Tuesday, April 19, 2011

On the road again!

Last year I traveled with Doug Hislop the editor of Education Today to visit New Zealand's 'top schools'. Before the edition was published we were often asked how did we decide on the 'top schools'? Pretty simple really - we travelled as far North as we could to Cape Reinga and Spirits Bay and visited the top four schools geographically! It was a long and insightful trip and the resulting article was well received. As a result we decided to visit the isolated schools along the East Coast from past Opotiki to Tolaga Bay. What we found provided more than enough for a whole magazine.

All last week we visited as many schools as we could traversing the Te Whanau a Apanui and Ngati Porou Iwi areas.

It is aways interesting 'cold calling' on schools and no more so than in visiting the isolated schools that dot the coastline from Opotiki to Gisborne. I think we visited over eighteen schools and our intention is for all the schools we visited to provide their own thoughts about any issue they feel inclined to. Our job will be to tie then all together to develop a coherent article.

The schools we visited were naturally a little wary of unannounced visitors and we were also confused with photo copier salesmen and architects! Our approach was to show them our previous article on our Northland visit and then to ask them would they like to contribute their own thoughts for a similar article. We also made it clear we were an independent magazine and did not go along with the 'top down Wellington' approach to learning and that we were strongly biased towards community based schools - schools that worked out their own destiny within agreed guidelines. When the schools saw that we were supportive then the hospitality was as you would expect.

We both hadn't visited the area since the 1980s. Earlier in the 70s ( straight from working in the UK) I was involved with Maori Art Advisers who were working on carving for Te Kaha Marae. Doug had been teaching in Gisborne -and surfing so he also had contacts to explore. Last year I held a couple of courses in Whakatane and during our trip I appreciated, when visiting Te Kura Raukokore, how far teachers in such areas travel to attend courses.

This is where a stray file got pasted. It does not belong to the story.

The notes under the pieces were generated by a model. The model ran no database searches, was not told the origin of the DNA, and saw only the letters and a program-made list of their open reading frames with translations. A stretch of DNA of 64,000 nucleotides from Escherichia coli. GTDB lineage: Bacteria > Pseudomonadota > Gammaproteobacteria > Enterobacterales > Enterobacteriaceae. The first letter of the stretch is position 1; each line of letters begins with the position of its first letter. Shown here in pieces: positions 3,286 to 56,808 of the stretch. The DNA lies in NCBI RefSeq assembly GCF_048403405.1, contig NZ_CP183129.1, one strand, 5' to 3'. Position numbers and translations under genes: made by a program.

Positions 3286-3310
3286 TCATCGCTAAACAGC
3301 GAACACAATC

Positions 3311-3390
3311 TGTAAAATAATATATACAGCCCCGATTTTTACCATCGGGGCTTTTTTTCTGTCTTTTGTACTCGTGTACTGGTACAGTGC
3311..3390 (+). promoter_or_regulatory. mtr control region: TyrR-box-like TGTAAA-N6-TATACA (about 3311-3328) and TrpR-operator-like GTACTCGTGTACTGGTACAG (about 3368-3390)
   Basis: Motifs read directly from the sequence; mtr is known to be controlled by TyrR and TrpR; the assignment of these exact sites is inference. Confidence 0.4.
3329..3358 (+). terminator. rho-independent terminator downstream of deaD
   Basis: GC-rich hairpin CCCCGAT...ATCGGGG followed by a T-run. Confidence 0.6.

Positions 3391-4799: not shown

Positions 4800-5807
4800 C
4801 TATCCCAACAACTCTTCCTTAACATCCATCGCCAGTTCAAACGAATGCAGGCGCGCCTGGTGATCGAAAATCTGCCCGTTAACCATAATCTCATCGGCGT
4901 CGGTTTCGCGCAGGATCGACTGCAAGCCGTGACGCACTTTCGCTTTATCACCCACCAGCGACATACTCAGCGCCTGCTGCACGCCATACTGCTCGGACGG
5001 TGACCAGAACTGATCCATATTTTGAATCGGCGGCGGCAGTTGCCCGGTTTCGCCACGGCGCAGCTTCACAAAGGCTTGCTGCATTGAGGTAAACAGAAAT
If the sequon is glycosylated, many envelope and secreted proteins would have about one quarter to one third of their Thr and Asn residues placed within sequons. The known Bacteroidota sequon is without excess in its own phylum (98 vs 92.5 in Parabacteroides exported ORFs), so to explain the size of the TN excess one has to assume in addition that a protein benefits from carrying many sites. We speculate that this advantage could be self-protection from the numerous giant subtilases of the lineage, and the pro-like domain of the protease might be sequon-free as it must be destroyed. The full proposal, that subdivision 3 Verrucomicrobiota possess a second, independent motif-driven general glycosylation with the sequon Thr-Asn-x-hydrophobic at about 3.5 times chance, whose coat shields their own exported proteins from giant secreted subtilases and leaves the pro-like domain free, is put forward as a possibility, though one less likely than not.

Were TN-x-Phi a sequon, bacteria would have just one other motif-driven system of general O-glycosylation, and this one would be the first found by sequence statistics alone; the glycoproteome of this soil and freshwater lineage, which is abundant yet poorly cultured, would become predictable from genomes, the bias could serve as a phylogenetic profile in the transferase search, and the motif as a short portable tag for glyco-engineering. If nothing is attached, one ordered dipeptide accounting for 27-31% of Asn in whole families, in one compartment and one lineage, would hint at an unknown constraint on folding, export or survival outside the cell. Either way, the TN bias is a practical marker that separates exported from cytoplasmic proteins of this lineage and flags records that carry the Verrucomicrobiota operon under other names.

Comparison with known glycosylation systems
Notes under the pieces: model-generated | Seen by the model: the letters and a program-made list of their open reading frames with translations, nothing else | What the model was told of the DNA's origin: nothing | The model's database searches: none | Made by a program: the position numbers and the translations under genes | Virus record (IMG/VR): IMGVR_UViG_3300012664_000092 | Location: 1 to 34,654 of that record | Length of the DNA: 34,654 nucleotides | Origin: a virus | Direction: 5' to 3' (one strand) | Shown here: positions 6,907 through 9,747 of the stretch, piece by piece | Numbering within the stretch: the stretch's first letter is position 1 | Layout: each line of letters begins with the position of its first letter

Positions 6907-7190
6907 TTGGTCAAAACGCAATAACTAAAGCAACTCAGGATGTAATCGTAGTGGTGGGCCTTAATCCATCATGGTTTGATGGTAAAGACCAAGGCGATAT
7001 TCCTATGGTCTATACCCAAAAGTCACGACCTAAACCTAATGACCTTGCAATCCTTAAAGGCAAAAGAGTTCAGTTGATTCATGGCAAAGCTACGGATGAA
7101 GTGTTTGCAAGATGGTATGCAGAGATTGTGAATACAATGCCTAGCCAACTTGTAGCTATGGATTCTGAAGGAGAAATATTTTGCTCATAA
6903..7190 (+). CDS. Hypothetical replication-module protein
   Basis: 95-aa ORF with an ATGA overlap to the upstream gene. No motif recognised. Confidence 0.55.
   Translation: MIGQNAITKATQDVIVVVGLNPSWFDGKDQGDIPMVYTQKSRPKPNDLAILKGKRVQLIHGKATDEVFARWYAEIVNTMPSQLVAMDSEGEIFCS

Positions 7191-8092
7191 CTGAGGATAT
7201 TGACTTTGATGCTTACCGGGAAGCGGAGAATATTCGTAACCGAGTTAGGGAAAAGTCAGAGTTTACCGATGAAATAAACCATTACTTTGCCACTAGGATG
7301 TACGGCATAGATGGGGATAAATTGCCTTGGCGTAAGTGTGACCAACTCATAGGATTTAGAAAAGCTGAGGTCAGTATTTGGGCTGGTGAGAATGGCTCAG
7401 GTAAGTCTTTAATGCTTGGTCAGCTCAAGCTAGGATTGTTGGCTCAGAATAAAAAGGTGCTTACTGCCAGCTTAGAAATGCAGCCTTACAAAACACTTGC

As we travelled along the coastline not only did we appreciate the magnificent scenery but we also began to appreciate that there were some important stories to share about education that would be worth telling. That distant Ministry technocrats could ever appreciate the circumstances of the schools we visited is a faint hope -and for such people to provide 'answers' impossible. The schools we visited ,although all catering for Maori students, were all as different as they were similar.The idea that National Standards will provide the 'answer' to their students' achievement is simply an idea with no real relevance. Indeed such imposed standardisation, we both believe, will distort the type of education that best fits the potential of the students we observed.

Schools we visited were all reaching out, to a greater or lesser degree, to develop a holistic integrated education that is more in line with the learning of earlier pre European days. In this respect they could provide models for mainstream school to develop true connected learning communities.

What we learnt was: the strong belief for students to learn about the history of the people of each area; the need to appreciate the immediate environment; the importance to develop a positive sense of identity in every student; to value students 'voice'; and the welcoming and making use of local expertise.

One thought we had was that if only the earlier 'Native School', whose role was to help Maori students be assimilated into European culture , had evolved to value the language and culture of the students themselves. This is now the vision of the schools we visited. As a result of earlier misguided central government policy there is a missing generation of people who have lost the use of the own language. It was inspiring to meet up with one eighty year old kuia who was helping young students learn te reo.

In the schools we visited learning was a total experience , one that connected schools with their own communities.

The journey of the schools to reach the horizons they had set for themselves was on the way. For some it has not been easy and it was obvious progress had been hard won. And it was equally obvious that future success would come from the schools themselves and that growth would need to focus on each school helping themselves and not by a one size fits all solution. That has been tried and has failed.

From what we saw local expertise is there to assist those in need, it just might need to be supported in some way.

We are keen to return.
Ka kite ano

Kia kaha

1 comment:

Anonymous said...

Sounds like a good trip Bruce.I like the idea of encouraging local diversity as aginst complying to central government's 'big brother' orders. And I like the idea of schools in Maori communities developing a curriculum sympathetic to their own culture instead of the current unhealthy standardisation. A way must be developed to help such schools develop and share their expertise.